It is with sadness that I read about Payton Jordan's passing in Joe King's column on Feb. 20. Jordan was a man who is not only a track and field icon, but truly a sports legend and one who will be always remembered. He made his mark on the track as a collegiate athlete champion at USC, a world record master's athlete, an Olympics assistant coach or coach in 1960,1964 and 1968 and as the longtime track coach at Stanford from 1957-79.

In 2005, during my son's freshman year at Alameda High School, I took him and his fellow sprinters to the aptly named Payton Jordan Invitational at Stanford. The boys met the legend and had a picture taken with him. It's one thing to read about or see footage of the Olympic past, but it's truly an experience to meet someone who was there and who had a major role in it. It will be something the boys will always remember. He was kind enough to spend some time with them and was generous with his time.

Payton Jordan touched many lives, and the boys are proud to have been inspired by him. I know Joe King wasn't exaggerating when he described Payton Jordan as the best man he's ever met.

Ed Jay

Problems with Comcast

Since no one at Comcast is willing to listen to my complaint, I must turn to the newspaper to vent. I was an Alameda P&T customer and switched to Comcast in December. Two technicians came to my home and in an hour-and-a-half, I was all set up with Comcast TV and Internet service. I called Comcast the next day and arranged for my AP&T account to be closed and the new Comcast account to be opened.

I opted for my credit card to be billed each month and gave the necessary information. A couple of weeks went by, and then I started receiving dunning notices in the mail and robo phone calls telling me to call Comcast immediately. When I did so (seven different times), I was told to ignore the letters and calls and that all was in order with my account.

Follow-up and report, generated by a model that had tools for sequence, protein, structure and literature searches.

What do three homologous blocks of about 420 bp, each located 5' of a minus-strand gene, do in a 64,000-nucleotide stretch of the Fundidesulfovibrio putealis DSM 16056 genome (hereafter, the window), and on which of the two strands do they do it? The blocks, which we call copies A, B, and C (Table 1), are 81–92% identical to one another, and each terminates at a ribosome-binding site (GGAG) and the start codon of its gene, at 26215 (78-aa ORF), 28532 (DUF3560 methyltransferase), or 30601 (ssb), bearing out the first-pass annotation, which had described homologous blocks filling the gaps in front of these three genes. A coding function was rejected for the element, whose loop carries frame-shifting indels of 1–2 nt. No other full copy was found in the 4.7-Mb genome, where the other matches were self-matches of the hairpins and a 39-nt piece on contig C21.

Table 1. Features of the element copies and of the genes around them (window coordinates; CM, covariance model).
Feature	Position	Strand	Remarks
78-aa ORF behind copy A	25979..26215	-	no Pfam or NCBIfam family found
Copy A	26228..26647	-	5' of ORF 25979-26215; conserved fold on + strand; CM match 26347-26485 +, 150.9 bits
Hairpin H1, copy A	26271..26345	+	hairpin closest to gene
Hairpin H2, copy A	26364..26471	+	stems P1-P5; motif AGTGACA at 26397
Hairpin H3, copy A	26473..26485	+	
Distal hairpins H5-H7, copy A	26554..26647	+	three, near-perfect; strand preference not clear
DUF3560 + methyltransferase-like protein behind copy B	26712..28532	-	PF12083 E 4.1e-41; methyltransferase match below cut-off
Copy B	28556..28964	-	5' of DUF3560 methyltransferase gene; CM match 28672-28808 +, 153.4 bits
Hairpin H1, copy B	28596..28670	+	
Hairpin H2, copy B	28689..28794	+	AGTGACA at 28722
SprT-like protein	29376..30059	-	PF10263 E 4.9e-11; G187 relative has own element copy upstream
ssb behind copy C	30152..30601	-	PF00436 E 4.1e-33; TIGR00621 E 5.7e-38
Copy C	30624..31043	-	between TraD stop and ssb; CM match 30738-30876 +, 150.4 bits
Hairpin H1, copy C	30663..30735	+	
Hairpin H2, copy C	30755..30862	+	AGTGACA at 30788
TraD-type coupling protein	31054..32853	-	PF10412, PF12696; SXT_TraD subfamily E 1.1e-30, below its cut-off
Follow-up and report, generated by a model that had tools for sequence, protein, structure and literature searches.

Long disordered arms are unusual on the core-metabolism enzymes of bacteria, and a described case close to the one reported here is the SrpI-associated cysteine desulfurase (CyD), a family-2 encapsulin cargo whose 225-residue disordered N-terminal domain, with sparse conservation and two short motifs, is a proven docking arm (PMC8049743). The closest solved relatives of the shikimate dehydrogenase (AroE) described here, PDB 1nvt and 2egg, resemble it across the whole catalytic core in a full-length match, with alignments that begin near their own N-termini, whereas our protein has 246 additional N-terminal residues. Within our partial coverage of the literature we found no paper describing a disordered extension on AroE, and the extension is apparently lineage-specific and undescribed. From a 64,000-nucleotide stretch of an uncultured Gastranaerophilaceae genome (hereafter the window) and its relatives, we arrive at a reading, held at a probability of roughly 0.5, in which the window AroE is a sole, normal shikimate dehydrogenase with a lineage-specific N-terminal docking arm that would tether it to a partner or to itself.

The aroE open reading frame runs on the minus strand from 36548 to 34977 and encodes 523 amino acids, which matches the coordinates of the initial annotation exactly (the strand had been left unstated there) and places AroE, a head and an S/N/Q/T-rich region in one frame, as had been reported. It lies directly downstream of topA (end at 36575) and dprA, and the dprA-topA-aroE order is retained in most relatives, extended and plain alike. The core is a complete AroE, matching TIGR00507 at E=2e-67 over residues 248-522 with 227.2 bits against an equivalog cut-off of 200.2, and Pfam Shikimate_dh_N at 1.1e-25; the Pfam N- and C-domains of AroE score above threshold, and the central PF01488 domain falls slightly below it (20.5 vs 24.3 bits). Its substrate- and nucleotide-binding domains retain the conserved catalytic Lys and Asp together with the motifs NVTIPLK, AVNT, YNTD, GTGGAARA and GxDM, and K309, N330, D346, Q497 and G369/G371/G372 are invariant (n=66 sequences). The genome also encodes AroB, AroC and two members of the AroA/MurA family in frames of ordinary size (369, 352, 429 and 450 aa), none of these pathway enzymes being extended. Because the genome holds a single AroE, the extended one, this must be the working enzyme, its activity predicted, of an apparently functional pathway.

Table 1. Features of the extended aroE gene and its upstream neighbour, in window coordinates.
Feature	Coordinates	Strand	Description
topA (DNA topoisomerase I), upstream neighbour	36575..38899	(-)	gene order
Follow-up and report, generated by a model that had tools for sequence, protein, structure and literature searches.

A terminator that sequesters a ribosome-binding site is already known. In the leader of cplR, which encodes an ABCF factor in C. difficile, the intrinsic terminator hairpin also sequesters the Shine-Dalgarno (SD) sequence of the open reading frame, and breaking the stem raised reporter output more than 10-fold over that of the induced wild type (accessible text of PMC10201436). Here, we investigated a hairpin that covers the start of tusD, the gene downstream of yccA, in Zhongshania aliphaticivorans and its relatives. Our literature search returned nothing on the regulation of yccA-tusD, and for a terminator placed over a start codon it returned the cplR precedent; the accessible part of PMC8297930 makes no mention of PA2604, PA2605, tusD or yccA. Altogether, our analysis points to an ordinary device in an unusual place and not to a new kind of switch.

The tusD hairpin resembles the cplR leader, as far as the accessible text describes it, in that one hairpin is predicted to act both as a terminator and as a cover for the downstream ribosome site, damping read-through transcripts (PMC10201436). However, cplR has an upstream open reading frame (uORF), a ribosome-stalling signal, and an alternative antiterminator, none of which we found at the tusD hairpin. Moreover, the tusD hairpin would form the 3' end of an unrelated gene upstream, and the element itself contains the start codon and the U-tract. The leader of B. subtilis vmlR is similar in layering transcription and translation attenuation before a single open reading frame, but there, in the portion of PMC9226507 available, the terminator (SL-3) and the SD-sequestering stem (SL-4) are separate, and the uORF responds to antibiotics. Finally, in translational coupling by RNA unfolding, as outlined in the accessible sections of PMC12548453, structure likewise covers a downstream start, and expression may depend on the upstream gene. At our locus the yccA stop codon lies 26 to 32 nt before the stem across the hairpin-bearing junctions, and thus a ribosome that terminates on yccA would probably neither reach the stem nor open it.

Then last week Comcast shut off my service for nonpayment of my bill! When I called again and got matters straightened out, I was offered many apologies for their error, and was told my service would be restored, but not for 48 hours. I hit the roof! I demanded to talk to a supervisor or manager and to have my service restored immediately. I was put on hold, and after a minute or so, I was advised that the supervisor was busy with another customer (I'll bet), and that my service would be restored in 5 to 10 minutes.

Well, that's all fine and good, except I have a wireless network in my home, and both my modem and router had to be rebooted. After another hour on the phone with Comcast and their tech support in Utah, my system was again up and running.

I cannot believe a large corporation like Comcast can get away with treating its customers so poorly and does such a poor job of processing their accounts. And they want me to switch to their phone service? That'll be the day!

Stan Voogd

Circus fun helps arts

In these times of uncertain financial conditions, it is extremely important to acknowledge when people come together and willingly share their talents, time and treasures to bring joy to so many and to raise money for our schools. This is what happened on Feb. 8 when 2,000 people filled Kofman Auditorium to be part of the fifth annual Circus for the Arts in the Schools.

The circus was a resounding success. Laughter filled the room, and we raised close to $30,000 for arts in our schools. The proceeds from the circus support an in-school arts program at Paden, Otis and Lum schools. This program is an integrated arts learning experience. Focus is on student engagement with live works of art and the deep study of arts disciplines connected with curriculum and classroom learning goals. This approach embodies the integral role that the arts can and should have in education. All Alameda Unified School District schools also had the opportunity to raise funds for the arts in their schools to use at their discretion through ticket sales.

Conceived in 2004 by Paden School parents Jeff Raz (artistic director), Pam Arneson (producer) and Sherry Sherman (producer) and the Paden principal at the time, Judy Goodwin, Circus for Arts in the Schools has successfully raised more than $115,000 over the last five years. Circus performers, including the Lincoln Middle School Jugglers (all of whom donate their time), sponsors, parents, children and school personnel join together to make the circus a reality.

Thank you to everyone for both your personal and financial contributions. As principal of Paden School, I am grateful and honored to be part of a community that so deeply supports the arts in both our schools and the greater community.

Tom Rust

Principal, Paden School